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Wednesday, January 16, 2019

8 of the Most Influential Black Film Directors in America

Tyler Perry and Ava Duvernay

Nationwide — As challenging as it is to become a successful filmmaker, it’s even more challenging to become a famous Black filmmaker. Many of these legendary directors make incredible movies that address the history and struggles of the African-American community. They give a voice to disadvantaged members of American society, and they influence others to adopt a more inclusive way of thinking in the process.

The list below features just some of the most influential Black film directors in America and their most world-renowned works:

  1. Spike Lee
    Fulfilling his childhood dream of becoming a famous filmmaker, Lee is now one of the most well-known directors in the movie industry. Known for his controversial films like Malcom X, Do the Right Thing, and BlacKKKlansman, he focuses on capturing the Black experience in its entirety.
  2. John Singleton
    After receiving critical acclaim for his first film, Boyz n the Hood, Singleton was given the opportunity to direct the “Remember the Time” music video for Michael Jackson. Along with his film repertoire, he’s also worked in television and has directed episodes for Empire, The People v. O.J., and Billions.
  3. F. Gary Gray
    Gray started his career directing music video scenes or big-name artists like Mary J. Blige, TLC, Ice Cube, Dr. Dre, Stevie Wonder, and more. After establishing himself within the music industry, he decided to try film. In 1995, he released his first feature film, Friday. It was a box office hit and opened the door for him to go on and direct other movies, such as Set It Off, Straight Outta Compton, and The Negotiator.
  4. Ryan Coogler
    After a college creative writing professor urged him to try his hand at screenwriting, Coogler never looked back. He’s now one of the masterminds behind box-office hits like Black Panther, Creed, and Fruitvale Station. These few films are just the start; Coogler has a long career in film ahead of him.
  5. Antoine Fuqua
    Like many of his peers, Fuqua got his start through directing music videos. After working on projects for artists like Prince, Stevie Wonder, and Toni Braxton, he took his talents to film. He’s now known for dramatic films like Training Day, King Arthur, The Equalizer series, and The Magnificent Seven.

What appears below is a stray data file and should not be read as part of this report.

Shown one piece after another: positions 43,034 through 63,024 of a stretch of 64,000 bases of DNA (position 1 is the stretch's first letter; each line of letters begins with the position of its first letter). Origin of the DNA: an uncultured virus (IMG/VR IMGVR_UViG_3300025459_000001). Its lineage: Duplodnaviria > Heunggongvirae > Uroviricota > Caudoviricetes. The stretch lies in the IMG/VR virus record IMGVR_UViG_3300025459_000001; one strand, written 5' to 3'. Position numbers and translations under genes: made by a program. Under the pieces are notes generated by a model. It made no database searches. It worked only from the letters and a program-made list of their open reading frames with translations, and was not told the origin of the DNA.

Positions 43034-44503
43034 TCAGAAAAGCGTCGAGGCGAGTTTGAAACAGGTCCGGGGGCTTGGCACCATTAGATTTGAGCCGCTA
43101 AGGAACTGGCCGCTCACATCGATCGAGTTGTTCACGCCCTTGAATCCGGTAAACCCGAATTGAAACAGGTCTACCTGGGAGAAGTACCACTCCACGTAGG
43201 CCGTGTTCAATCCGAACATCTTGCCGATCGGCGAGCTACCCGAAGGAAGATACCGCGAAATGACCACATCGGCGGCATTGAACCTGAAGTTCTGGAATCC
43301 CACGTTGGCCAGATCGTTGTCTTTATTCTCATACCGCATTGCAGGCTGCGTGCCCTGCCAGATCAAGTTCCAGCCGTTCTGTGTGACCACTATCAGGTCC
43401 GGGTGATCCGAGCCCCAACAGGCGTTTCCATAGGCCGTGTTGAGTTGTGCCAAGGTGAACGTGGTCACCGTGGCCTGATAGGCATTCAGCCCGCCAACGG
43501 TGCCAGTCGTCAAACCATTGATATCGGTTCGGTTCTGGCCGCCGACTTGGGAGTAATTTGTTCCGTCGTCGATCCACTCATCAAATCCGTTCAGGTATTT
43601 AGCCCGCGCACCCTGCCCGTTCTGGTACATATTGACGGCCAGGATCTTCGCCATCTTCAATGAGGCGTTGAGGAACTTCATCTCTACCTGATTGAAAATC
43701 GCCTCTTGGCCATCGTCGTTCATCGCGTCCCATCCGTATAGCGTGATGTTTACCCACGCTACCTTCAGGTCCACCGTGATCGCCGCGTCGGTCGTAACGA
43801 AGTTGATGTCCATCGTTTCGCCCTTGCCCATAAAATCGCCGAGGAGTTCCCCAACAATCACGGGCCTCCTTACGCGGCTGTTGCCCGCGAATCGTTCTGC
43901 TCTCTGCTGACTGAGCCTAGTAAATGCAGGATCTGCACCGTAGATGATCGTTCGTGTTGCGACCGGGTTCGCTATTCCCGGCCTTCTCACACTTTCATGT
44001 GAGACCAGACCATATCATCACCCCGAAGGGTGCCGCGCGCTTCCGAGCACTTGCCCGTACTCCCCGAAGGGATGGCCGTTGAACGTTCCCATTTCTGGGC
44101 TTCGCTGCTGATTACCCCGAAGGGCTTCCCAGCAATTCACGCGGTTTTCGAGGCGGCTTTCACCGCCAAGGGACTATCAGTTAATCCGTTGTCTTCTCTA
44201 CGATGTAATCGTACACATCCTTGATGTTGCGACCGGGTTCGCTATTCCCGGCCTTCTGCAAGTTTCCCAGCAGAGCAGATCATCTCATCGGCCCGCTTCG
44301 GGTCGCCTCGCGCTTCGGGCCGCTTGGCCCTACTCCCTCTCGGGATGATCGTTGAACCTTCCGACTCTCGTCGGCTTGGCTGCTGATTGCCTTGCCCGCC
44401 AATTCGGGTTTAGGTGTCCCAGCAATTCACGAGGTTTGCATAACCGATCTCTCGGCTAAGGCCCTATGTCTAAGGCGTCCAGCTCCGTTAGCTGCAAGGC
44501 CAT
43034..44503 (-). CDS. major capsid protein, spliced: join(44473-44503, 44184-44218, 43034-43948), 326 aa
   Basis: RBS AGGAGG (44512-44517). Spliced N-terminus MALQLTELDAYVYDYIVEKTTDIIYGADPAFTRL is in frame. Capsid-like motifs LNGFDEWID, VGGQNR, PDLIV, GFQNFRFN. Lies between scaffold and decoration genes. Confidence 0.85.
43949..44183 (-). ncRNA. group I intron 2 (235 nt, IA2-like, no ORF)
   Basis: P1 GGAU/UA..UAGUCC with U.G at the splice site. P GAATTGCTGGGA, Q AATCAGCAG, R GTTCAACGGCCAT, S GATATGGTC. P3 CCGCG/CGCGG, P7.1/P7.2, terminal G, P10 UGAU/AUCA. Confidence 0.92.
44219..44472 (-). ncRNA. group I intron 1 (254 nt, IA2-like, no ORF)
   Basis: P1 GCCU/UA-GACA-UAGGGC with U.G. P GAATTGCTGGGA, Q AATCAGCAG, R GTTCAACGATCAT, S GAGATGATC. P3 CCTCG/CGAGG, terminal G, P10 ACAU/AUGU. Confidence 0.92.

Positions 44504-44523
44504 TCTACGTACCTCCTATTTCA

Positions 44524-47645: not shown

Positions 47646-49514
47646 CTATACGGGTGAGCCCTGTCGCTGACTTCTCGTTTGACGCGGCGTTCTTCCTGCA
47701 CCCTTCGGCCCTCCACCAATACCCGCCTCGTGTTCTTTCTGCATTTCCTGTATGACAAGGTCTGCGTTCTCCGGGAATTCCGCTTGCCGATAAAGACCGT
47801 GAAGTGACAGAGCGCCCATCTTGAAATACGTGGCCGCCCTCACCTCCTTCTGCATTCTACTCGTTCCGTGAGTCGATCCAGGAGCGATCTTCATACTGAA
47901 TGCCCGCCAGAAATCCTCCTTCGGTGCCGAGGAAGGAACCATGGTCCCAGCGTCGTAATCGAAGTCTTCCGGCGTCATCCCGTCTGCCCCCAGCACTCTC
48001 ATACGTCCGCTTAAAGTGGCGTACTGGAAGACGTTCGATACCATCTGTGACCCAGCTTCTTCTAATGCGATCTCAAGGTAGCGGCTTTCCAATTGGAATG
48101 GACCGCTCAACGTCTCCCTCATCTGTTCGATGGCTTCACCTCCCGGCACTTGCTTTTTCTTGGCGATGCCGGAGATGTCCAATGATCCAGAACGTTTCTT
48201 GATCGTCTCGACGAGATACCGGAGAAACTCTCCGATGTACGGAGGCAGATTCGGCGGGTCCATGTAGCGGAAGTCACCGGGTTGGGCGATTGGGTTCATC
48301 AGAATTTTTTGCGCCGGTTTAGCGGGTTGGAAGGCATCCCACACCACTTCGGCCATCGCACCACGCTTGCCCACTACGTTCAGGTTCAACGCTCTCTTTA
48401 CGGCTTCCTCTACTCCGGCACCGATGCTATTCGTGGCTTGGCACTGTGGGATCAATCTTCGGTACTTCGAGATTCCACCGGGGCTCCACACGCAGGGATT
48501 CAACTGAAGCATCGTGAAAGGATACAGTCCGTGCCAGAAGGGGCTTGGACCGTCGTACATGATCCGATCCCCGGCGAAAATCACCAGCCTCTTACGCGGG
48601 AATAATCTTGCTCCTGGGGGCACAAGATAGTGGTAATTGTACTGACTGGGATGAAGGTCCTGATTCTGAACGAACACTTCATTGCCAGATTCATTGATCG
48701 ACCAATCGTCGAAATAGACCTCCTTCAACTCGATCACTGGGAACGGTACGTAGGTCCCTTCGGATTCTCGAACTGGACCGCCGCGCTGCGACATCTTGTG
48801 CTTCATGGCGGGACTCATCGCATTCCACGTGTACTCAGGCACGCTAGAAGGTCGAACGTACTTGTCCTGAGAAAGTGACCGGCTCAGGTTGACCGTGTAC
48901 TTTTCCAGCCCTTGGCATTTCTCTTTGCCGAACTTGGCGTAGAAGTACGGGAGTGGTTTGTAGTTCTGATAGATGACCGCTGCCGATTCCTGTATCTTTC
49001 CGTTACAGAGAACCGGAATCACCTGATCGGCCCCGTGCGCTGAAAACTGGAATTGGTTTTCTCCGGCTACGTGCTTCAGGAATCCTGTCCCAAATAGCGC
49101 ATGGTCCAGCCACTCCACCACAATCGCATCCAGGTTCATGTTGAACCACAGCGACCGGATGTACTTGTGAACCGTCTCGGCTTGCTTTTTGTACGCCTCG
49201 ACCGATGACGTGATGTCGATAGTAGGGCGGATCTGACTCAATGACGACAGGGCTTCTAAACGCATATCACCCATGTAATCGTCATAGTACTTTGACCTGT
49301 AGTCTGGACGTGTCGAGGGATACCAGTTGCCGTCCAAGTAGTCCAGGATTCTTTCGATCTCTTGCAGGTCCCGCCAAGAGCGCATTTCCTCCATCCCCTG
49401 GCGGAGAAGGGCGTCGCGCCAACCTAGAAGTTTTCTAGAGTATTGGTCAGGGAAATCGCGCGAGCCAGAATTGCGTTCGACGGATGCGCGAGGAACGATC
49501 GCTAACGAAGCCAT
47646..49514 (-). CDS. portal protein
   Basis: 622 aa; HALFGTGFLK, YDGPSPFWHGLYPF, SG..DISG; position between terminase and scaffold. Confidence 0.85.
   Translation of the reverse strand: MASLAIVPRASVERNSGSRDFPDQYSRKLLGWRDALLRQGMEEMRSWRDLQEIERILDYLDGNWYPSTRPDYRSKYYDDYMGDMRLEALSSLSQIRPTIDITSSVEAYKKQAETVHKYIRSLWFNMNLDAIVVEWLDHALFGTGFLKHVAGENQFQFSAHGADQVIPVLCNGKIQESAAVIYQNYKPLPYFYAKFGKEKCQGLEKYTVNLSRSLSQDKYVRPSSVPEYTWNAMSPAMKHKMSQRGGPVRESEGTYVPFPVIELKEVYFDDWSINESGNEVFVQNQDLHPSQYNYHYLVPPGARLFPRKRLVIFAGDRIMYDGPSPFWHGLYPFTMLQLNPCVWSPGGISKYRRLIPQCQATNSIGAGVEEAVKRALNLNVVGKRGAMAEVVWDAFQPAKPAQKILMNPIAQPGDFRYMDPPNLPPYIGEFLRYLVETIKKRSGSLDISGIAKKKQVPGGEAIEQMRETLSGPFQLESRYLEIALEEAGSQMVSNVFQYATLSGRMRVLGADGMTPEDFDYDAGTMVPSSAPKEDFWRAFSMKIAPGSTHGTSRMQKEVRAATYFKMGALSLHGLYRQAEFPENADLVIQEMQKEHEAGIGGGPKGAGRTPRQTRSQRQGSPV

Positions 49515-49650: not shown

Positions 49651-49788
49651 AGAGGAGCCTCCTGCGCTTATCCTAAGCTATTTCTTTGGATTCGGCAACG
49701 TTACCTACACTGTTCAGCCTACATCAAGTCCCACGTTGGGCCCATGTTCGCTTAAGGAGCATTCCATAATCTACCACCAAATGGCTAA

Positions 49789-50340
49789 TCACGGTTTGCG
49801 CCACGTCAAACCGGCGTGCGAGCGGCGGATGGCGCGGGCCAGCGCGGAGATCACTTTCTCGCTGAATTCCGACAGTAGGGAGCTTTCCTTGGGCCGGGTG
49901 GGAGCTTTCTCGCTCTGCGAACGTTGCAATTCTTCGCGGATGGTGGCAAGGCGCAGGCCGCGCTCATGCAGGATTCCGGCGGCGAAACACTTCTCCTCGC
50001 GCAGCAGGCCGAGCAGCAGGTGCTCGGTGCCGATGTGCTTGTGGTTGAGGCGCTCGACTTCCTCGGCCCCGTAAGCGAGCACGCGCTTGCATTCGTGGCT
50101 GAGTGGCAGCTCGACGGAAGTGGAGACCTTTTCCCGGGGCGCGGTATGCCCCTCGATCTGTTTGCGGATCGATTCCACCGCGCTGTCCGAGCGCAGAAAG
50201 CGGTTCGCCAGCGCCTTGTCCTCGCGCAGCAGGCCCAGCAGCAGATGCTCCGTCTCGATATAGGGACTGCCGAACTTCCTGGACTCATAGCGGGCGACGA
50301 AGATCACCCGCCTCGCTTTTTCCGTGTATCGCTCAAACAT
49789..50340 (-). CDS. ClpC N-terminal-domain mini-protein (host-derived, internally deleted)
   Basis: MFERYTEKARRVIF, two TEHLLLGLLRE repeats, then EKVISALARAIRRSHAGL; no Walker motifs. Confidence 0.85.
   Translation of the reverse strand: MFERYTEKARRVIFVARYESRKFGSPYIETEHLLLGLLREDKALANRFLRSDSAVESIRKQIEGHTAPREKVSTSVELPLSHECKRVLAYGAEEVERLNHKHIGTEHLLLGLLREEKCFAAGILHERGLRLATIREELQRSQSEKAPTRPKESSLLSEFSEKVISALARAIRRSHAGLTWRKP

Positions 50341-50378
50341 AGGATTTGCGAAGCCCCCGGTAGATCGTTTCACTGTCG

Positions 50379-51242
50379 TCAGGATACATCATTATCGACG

6. Jordan Peele
    Before gaining popularity in film, Peele was best known as one of the comedians on and co-creators of Comedy Central’s Key & Peele sketch comedy show. Two years after the show ended, Peele released Get Out—his Oscar-winning horror movie. This film put him on the map of big-name directors, and he plans to release his next film, Us, in 2019.
  7. Ava DuVernay
    Ava DuVernay has had a lot of firsts in her career. She was the first African-American woman to receive a Golden Globe nomination for directing, the first African-American woman to have a film nominated for Best Picture at the Oscars, and the first African-American woman to win best director at Sundance. Her films Selma, A Wrinkle in Time, and 13th, have all made waves.
  8. Barry Jenkins
    One of the most critically acclaimed directors and screenwriters, Jenkins has been nominated for over twenty awards within in industry. His film Moonlight won best picture at the 2017 Golden Globes and was also nominated for eight Academy Awards (it claimed best picture and best adapted screenplay). He’s the first African-American filmmaker in Oscar history to be nominated under best director, best film, and best screenplay.
  9. Tyler Perry
    Tyler Perry is a multi-talented film and television icon—his beloved movies, books, plays, and TV shows have all helped him build an entertainment empire. Inspired while watching an episode of The Oprah Winfrey Show, he decided to write about his difficult life experiences to achieve personal breakthrough. He’s now an extremely popular African-American actor, writer, director, comedian, and playwright.